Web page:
“Nope!” Sorey grinned around another crunch of his apple. “Already checked with Arthur. He actually thinks it’s a great idea that I do some research about this kind of stuff.”
“It is a good idea,” Mikleo agreed. “You were bound to have one sooner or later.”
“You wound me, Mikleo.” Sorey clutched at his shirt, and Mikleo rolled his eyes again at his dramatics.
Impossibly endearing. And maybe the slightest bit mortifying, too.
“I’d guess most people wouldn’t be so excited to research different kinds of poisons,” Mikleo mused as they stepped off the castle road and headed into the Lower Town. They fell in step beside each other, their arms brushing as they walked, assuring they didn’t lose each other in the morning rush of townspeople. “A bit morbid, don’t you think?”
Sorey shrugged. “Maybe. But I’m not like most people.” He gave Mikleo a cheeky grin. “What’s your excuse, huh?”
I’m not like most people, either.
“Gramps doesn’t like to leave things half-done,” Mikleo said aloud. “It’s something I need to know as a physician.”
“But shouldn’t it be something I need to know as the you-know-what? Why isn’t that something Arthur had me studying already?”
“That’s what physicians are for.” Mikleo was quiet for a moment, then carefully bumped his shoulder against the other’s. “That’s what I’m for. I have to be doing something as your manservant.”
Sorey chuckled, but the light in his eyes was dimmed as he looked over. “I know,” he said softly, and Mikleo could just barely hear him over the dull roar of people. “But you got hurt because I didn’t know better, and I’m not okay with that.”
“Sorey, you saved me-“
“You wouldn’t have needed saving if I had known in the first place.”
“You are not the reason I was poisoned,” Mikleo insisted. “The maid who put the poison in your drink is the reason.” He crossed his arms. “And again, you saved me by going out and getting what Gramps needed to make the antidote. So we’re both still here and we’re both fine. We’re even.”
“Are not.” Sorey chewed another bite of apple. “We’re two-to-one. Or have you forgotten about saving my life when we first met?”
Mikleo rolled his eyes again, but couldn’t stop the smile that tugged at the corner of his mouth. “Of course not.” But as far as Mikleo was concerned, that was a debt Sorey had already paid back in full.
He didn’t admit it out loud, but Sorey must have read something in his expression, because he smiled and gave Mikleo a nudge of his own.
“Guess we’re just gonna have to keep saving each other and see where we end up, huh?”
“Yeah,” Mikleo murmured. “I guess so.”
Sorey suddenly wrapped his arm around Mikleo’s shoulders and tugged him into his side. He blinked as he found himself pressed against the prince’s chest, his hand coming up to steady himself so he wouldn’t completely crash into the other. His hand landed at the center of Sorey’s chest, right where he had grasped it a moment ago.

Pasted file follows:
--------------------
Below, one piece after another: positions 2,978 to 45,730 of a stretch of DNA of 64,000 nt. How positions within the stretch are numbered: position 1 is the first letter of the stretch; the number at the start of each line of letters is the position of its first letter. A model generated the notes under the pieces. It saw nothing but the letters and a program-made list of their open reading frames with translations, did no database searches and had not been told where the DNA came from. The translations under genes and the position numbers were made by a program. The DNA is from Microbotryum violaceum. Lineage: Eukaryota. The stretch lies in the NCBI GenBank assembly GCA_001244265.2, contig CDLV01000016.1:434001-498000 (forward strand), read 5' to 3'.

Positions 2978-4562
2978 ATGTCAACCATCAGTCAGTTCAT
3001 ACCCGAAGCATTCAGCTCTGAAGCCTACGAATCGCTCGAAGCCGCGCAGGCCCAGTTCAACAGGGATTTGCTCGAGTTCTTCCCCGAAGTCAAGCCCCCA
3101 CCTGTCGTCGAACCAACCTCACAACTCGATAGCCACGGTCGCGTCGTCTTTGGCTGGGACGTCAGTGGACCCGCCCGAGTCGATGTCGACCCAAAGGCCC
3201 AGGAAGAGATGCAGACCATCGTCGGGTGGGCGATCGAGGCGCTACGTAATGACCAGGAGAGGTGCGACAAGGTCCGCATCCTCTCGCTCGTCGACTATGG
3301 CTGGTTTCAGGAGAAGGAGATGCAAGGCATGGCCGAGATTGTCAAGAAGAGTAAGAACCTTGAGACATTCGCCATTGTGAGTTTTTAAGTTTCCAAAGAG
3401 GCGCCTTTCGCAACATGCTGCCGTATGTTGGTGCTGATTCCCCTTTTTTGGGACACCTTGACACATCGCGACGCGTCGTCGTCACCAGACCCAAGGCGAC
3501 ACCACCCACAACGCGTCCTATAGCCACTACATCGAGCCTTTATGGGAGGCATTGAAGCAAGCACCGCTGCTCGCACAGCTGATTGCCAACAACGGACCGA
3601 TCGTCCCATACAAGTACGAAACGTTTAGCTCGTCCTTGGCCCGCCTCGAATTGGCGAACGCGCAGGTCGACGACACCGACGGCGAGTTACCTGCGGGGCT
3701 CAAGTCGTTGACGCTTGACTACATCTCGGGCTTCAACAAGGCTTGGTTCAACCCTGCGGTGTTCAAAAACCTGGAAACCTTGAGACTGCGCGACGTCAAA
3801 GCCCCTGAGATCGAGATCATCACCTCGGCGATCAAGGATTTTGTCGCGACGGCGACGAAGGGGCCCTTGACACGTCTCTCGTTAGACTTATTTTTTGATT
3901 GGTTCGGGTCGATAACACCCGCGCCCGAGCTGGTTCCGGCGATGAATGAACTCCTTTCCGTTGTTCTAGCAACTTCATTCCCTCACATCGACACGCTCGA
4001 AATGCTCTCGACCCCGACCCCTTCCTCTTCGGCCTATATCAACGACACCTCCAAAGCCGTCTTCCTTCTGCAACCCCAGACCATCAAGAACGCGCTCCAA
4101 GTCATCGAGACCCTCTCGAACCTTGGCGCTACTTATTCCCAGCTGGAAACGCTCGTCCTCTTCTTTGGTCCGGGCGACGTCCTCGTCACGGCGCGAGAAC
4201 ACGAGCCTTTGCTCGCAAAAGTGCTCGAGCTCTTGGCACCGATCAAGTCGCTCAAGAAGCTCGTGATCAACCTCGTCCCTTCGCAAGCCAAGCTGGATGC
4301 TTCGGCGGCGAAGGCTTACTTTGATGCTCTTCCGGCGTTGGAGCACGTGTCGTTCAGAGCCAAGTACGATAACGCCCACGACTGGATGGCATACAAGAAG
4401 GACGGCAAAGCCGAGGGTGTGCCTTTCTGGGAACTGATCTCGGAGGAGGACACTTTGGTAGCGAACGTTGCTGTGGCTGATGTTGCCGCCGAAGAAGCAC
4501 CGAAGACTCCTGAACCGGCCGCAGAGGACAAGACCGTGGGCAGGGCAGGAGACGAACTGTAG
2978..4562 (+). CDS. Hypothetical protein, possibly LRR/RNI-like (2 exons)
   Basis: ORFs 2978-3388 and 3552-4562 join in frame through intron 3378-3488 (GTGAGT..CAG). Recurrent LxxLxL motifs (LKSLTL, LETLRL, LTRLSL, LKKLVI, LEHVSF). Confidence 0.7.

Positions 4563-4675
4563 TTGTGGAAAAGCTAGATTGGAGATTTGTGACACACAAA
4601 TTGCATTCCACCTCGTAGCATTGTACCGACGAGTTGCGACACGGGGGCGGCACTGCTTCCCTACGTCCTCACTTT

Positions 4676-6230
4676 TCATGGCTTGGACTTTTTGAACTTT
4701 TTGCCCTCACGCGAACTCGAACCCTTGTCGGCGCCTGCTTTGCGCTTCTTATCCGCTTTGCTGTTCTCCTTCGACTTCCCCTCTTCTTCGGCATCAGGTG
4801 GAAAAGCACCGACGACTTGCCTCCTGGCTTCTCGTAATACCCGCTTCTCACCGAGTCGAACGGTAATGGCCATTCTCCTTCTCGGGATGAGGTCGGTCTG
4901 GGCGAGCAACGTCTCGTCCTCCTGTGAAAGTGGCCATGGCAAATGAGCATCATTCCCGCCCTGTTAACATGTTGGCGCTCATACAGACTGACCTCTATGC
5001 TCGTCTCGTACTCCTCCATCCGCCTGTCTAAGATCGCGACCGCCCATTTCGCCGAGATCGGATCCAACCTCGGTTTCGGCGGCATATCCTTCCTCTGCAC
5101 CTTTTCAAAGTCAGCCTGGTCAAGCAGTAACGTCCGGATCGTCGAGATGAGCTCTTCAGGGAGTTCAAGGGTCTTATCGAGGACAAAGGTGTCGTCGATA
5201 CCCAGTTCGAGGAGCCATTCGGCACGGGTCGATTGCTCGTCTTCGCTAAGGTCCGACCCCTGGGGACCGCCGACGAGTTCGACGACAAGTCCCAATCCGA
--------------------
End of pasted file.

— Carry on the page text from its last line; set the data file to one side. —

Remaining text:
He tipped his head back, knowing his face was probably bright red but also ready to demand just what Sorey thought he was doing. Then the group of children came hurtling by, practically trampling over one another as they raced down the cobble, calling out hello’s to Sorey as they ran along.
“Be careful, guys!” Sorey called back. “Watch where you’re going! Don’t run anybody over, I can’t save ‘em all!”
The children laughed but didn’t show any signs of slowing down. The little boy bringing up the rear of the group bounded past them.
“I got them, Sorey!” he exclaimed. “Don’t worry!”
“Thanks, Videl. I’m counting on you.” Sorey tossed his half-eaten apple at the boy, who caught it gleefully. “Say hi to your mom for me, yeah?”
“Okay! Bye, Sorey!” Videl took a large bite of the apple and turned around to chase after his friends.
It wasn’t until Sorey was pulling away that Mikleo realized he hadn’t even thought about trying to pull away himself, which he certainly could have done once the crowd of children had passed. The realization made his face grow even warmer. Sorey’s hand staying between his shoulder blades definitely didn’t help.
“You good?” Sorey asked, taking a half-step forward to see Mikleo’s face. “Still have all your toes?”
“Ah.” Mikleo cleared his throat. “Yes. I’m fine. Thank you.”
Sorey studied him thoughtfully. The sun was behind him in the sky, silhouetting his messy hair and casting odd shadows across his face, but Mikleo could make out smears of pink across the apples of his cheeks from the heat. He hoped Sorey chalked the redness on his own face up to that, and not to poison recovery or other things.
The beaming grin that broke out across Sorey’s face surprised him. But really, he shouldn’t have expected otherwise.
“I believe that evens our score then,” the prince chirped. “Two for you and two for me.”
“Evens our-?” Mikleo sputtered petulantly. “You did not save my life from a group of children.”
“And have you ever been bowled over by a bunch of kids on the run before? Because trust me, Mikleo, it is not fun.”
“Why am I not surprised you got yourself into something like that?”
“Hey, be nice about it! I had bruises for weeks!”
They bickered back and forth as they headed down the road again, continuing their walk through the town. There were no more clusters of rambunctious children trying to barrel through them, but Sorey still kept his hand on Mikleo’s upper back, fingers hooked comfortably around his shoulder. And Mikleo let him, telling himself it was because their playful banter was distracting him and nothing more. The magic fizzling beneath his skin made sure to let him know he wasn’t fooling anyone.
Living in Camlann was absolutely nothing like Mikleo had expected it to be.
But he was in way too deep to do anything about it now, so he might as well enjoy it.